November 28, 2004

To the editor, The New Republic

Some opponents of wind power may be initially NIMBY, as Gregg Easterbrook says they all remain ("Cape Hope," November 29), but once they examine the claims of the sales brochure they quickly deduce that utility-scale wind turbines should not be erected anywhere on the grid. As Easterbrook's article only echos the developer's own material in defending the Cape Wind facility proposed for Nantucket Sound, a response is warranted.

He repeats the claim that modern turbines don't kill many birds. Ongoing studies in Spain and Belgium, however, find that a single turbine kills an average 20-40 birds per year. A study at the Mountaineer facility in West Virginia is following up the finding that over 2000 bats were killed in just 2 months last fall. The blades of new turbines are indeed slower in terms of revolutions per minute, but they are so large (typically sweeping over an acre of air) that the speed at the tips is well over 125 mph.

His unqualified claim of "zero greenhouse gas emissions, zero air pollution, zero waste product" also is typical. The parts have to be manufactured and transported (using dirty energy), each foundation requires tons of cement (a major source of greenhouse gases), access roads typically have to be built or widened or strengthened, trees have to be cleared and vegetation kept down with herbicides, each turbine contains hundreds of gallons of oil which has to be periodically replaced, new high-voltage transmission lines have to be built, and the turbines themselves use power from the grid.

Typical, too, is Easterbrook's dismissal of aesthetic concerns. He admits that they are well over 300 feet high (over 400 feet in Cape Wind's case) and usually sited on prominent ridgelines and in open spaces. These are places any sensible person would be appalled to see industrial development. They are not just big (and include roads, transformers, and power lines), they add significant and disturbing noise to rural environments and must be lit with flashing lights day and night.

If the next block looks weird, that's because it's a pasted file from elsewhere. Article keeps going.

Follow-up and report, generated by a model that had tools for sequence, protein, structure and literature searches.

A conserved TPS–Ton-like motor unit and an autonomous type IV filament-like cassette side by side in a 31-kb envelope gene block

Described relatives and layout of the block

Easterbrook says all this is necessary to help resolve the problems caused by our thirst for power. He fails, however, to question the developer's claim of the project's potential contribution of an average 170 MW (which represents a whopping five one-thousandths of one percent of our energy use). That projection is based only on the generous formula from the wind industry, which says -- despite all evidence -- that the output of an off-shore turbine will be 40% of its rated capacity over a year. Existing facilities -- when they're working at all; it is still a very problematic technology -- produce at 20-30% (the figure is even lower on-shore). The wind data from Cape Wind's own measurement station in the Sound suggests that its output will be at the lower end of the range.

And because 20% is the average, two-thirds of the time output will be less than that. A lot of the time, such as the day I am writing this, the whole 24-square-mile installation wouldn't generate enough electricity to make up for its own consumption. It certainly wouldn't be replacing any more reliable source on the grid if Mr. Easterbrook wants the light to go on when he flicks that switch.

As the experience of, for example, Denmark (20% wind) and Germany (4% wind) shows us, large installations of wind turbines would not reduce our use of any existing source of power. This is not to dismiss the very real energy issues that Easterbrook has elsewhere written about. It is only to recognize that industrializing our land- and seascapes with wind towers (it would require hundreds of thousands to produce just a few percent of U.S. electricity needs) is a highly destructive (however profitable) folly.